EY Spotlight on Business, Issue 4, 2014

Issue 4, 2014

Spotlight on Business

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A global marketplace defined by rising entrepreneurship in a digital future.

This encapsulates three megatrends that are irrevocably transforming the world we live, and do business in. How does one find pole position within? Clearly, there is no room for complacency as businesses and governments alike pursue growth in this new reality.

Maintaining status quo is hardly a good option. Southeast Asia corporates recognize this. Traditionally conservative in their capital strategies, they are now showing appetite for growth, offering optimism for a buoyant region even as IPOs make a muted start in 2015.

There is a unique opportunity for regional companies to gear up and exploit the prospects of the impending ASEAN Economic Community (AEC). Investors remain keen on ASEAN’s developing markets, including Myanmar, which has enjoyed a steady influx of FDI as economic reforms gain momentum.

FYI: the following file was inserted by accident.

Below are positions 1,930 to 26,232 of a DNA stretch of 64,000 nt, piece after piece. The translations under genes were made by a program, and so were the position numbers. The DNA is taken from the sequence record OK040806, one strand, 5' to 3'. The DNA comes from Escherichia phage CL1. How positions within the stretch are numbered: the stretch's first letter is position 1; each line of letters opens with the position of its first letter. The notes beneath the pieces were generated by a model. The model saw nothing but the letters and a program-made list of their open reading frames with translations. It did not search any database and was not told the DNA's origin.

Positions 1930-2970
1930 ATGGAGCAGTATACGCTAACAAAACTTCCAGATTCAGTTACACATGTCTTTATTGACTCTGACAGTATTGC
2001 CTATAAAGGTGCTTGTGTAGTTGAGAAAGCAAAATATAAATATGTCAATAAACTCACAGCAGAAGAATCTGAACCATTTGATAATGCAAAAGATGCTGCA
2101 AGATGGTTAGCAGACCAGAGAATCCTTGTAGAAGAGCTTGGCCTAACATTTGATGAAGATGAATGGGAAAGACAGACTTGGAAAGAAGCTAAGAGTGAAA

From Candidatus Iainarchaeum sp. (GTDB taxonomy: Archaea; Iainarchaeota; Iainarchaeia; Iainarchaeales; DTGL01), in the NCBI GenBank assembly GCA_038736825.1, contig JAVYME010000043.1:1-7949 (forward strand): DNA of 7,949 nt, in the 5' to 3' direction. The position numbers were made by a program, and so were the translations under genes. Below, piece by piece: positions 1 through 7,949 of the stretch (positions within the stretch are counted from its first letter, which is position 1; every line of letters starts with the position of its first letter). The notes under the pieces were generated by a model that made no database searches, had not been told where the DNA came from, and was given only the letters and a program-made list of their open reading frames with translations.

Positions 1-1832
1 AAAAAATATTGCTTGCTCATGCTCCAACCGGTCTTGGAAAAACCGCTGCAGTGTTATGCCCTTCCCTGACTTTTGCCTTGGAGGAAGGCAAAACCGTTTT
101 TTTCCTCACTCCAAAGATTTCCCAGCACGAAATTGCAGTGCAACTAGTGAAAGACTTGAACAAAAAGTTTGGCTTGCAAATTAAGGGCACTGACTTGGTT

Sustaining market appeal will require concerted government effort, as seen in the slipping FDI in Central and Eastern Europe.

FDI aside, building up domestic companies through entrepreneurship continues to be vital. Family businesses in Southeast Asia attest to this, and those that have thrived over generations offer important insights into governance and succession.

While corporates grapple with issues on gender parity in the boardroom, family businesses face added leadership challenges. The question around succession, albeit emotionally sensitive, is inevitable. The question really isn’t about “what if”, but “when.”

The same question can be asked of fraud and cyber security breaches in today’s digital environment. Preparing for the worst as if it will happen puts your organization in a stronger posture against increasingly complex threats — internal and external.

C-suite executives who have yet to contemplate the digital future will find themselves blindsided by risks and missed opportunities. As Warren Buffet said: “It takes 20 years to build a reputation and five minutes to ruin it. If you think about that, you'll do things differently.”

Max Loh, EY Managing Partner, Asean and Singapore

Max Loh

Managing Partner, Asean and Singapore